What Will Whitaker Do?
Experts Report: Chicago-Kent College of Law Dean Harold Krent
President Trump’s firing of Attorney General Sessions after the midterms surprised
no one, but it gave rise to a host of legal and political issues that’ll be playing out in
the next couple of weeks.
The first is a legal issue. Was it legally appropriate for Trump to hire Matthew
Whitaker as the acting attorney general? It may not have been, there are different
schools of thought.
For one thing, President Trump never got the consent of Senate,
and if this position is considered as a temporary attorney general, is considered to
be a principal officer of the United States, we have to have senatorial consent.
But even if we get beyond that one issue, then there’s a question of whether the
president followed the right statutory route in appointing Matthew Whitaker. So
that’s the question of legality, there have already been court challenges, it will be
played out in the coming weeks.
But if that appointment survives legal challenge, then there’s the issue about
whether Matthew Whitaker should recuse himself. Why should it recuse himself?
He’s already criticized the Mueller investigation. He said it’s gone into the family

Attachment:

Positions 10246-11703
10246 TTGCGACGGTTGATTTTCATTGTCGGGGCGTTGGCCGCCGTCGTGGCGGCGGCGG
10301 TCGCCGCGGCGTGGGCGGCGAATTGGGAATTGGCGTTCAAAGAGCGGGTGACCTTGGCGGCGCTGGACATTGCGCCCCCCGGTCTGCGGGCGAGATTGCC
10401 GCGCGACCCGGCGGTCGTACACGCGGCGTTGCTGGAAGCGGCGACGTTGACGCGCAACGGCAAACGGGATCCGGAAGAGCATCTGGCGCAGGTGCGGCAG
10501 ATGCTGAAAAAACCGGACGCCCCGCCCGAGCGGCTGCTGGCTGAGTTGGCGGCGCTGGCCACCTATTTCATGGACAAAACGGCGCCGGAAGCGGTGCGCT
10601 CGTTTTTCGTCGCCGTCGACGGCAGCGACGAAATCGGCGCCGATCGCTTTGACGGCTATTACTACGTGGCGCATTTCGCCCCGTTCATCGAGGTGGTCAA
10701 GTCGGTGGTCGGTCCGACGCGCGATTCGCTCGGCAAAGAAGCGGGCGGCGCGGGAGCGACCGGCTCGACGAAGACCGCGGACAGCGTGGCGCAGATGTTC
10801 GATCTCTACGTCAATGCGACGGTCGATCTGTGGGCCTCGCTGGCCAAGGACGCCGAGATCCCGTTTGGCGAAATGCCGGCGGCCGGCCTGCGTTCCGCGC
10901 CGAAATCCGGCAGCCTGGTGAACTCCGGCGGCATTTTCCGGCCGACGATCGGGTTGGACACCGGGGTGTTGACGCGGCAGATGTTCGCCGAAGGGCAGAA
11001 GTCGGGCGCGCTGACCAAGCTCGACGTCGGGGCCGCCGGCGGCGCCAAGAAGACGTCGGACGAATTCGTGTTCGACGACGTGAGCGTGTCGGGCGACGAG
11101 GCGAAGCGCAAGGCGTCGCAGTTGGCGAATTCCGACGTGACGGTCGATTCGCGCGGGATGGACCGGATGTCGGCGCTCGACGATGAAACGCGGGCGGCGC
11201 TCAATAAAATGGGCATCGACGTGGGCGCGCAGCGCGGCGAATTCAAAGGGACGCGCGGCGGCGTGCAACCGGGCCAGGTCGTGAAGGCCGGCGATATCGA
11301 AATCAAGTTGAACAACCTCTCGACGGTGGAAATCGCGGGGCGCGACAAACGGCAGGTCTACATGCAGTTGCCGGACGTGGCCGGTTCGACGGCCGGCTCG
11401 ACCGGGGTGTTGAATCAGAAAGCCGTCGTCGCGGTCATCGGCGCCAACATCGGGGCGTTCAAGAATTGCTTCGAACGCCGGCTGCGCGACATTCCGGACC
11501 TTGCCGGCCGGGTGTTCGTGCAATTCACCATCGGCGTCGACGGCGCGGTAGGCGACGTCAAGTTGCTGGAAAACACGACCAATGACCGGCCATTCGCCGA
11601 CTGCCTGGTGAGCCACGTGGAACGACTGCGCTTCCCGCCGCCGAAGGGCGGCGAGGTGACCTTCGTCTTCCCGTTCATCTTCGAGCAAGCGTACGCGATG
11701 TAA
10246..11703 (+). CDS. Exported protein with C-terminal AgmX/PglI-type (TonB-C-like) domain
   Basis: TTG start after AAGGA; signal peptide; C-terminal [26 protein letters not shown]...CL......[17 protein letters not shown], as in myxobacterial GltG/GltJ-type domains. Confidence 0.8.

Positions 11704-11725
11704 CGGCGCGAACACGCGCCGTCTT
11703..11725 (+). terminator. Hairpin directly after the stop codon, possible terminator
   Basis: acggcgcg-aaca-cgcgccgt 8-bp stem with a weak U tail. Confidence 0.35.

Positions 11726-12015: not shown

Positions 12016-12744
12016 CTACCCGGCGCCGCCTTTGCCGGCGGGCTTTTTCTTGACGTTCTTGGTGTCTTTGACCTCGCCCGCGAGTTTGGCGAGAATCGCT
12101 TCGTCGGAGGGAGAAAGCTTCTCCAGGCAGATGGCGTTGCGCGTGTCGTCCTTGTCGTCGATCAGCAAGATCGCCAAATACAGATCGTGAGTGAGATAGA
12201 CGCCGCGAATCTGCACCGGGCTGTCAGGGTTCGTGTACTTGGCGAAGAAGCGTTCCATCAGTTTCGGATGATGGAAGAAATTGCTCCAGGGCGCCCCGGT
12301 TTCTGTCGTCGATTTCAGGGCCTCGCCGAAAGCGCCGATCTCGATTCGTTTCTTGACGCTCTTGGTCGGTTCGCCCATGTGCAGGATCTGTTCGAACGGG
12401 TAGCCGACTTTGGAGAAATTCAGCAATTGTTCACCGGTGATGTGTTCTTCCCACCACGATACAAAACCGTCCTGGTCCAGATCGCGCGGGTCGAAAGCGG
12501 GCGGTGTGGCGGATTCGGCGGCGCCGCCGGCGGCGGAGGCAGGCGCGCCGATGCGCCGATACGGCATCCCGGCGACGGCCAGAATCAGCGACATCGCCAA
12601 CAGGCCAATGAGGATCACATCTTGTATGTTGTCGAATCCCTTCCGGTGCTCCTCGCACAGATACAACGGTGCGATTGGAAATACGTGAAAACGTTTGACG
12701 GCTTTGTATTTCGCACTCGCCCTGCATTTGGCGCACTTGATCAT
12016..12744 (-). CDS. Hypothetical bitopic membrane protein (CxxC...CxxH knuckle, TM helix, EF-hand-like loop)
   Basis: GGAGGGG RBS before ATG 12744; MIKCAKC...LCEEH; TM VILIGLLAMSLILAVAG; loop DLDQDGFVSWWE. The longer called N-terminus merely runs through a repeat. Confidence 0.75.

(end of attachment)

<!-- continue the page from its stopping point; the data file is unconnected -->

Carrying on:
expenses of Trump’s. He said that should be off limits. He says he doesn’t believe
there can be an obstruction of justice. He’s already stated that he would try to wind
down the investigation by giving it less and less money. So he’s not coming at this
with an open mind. Should he recuse himself? That’s not a legal issue, that’s purely
for him to decide on whether or not it’s the ethical, right thing to do. I doubt that he
will recuse himself.
Then the real question is what will he do when he supervises this investigation? He
really has two dramatic choices: he could fire Mueller. He has the power to do that,
however, Mueller can only be fired for cause, and so a court may second guess that
determination of cause. Alternatively, he may decide to rescind the letter
appointment that Rosenstein made of Mueller and then thereby say that Mueller can
be fired for any reason whatsoever; he's not protected from at-cause dismissal.
That’s also both a legally questionable move but it’s also a politically questionable
move because it’ll have some blowback, particularly from the House of
So my guess at the end of the day is if there are no successful legal challenges to the
appointment and if he does not recuse himself, he’ll do what he said he would do,
which is try to starve the investigation, make it come to an end by limiting its power
and by eliminating its funding, to try to give a prod to Mueller to wrap it up as
quickly as possible. At the end of the day the big issue will be will this report be
issued to the public, will it be issued to the Congress, or will only the Department of
Justice get to see it.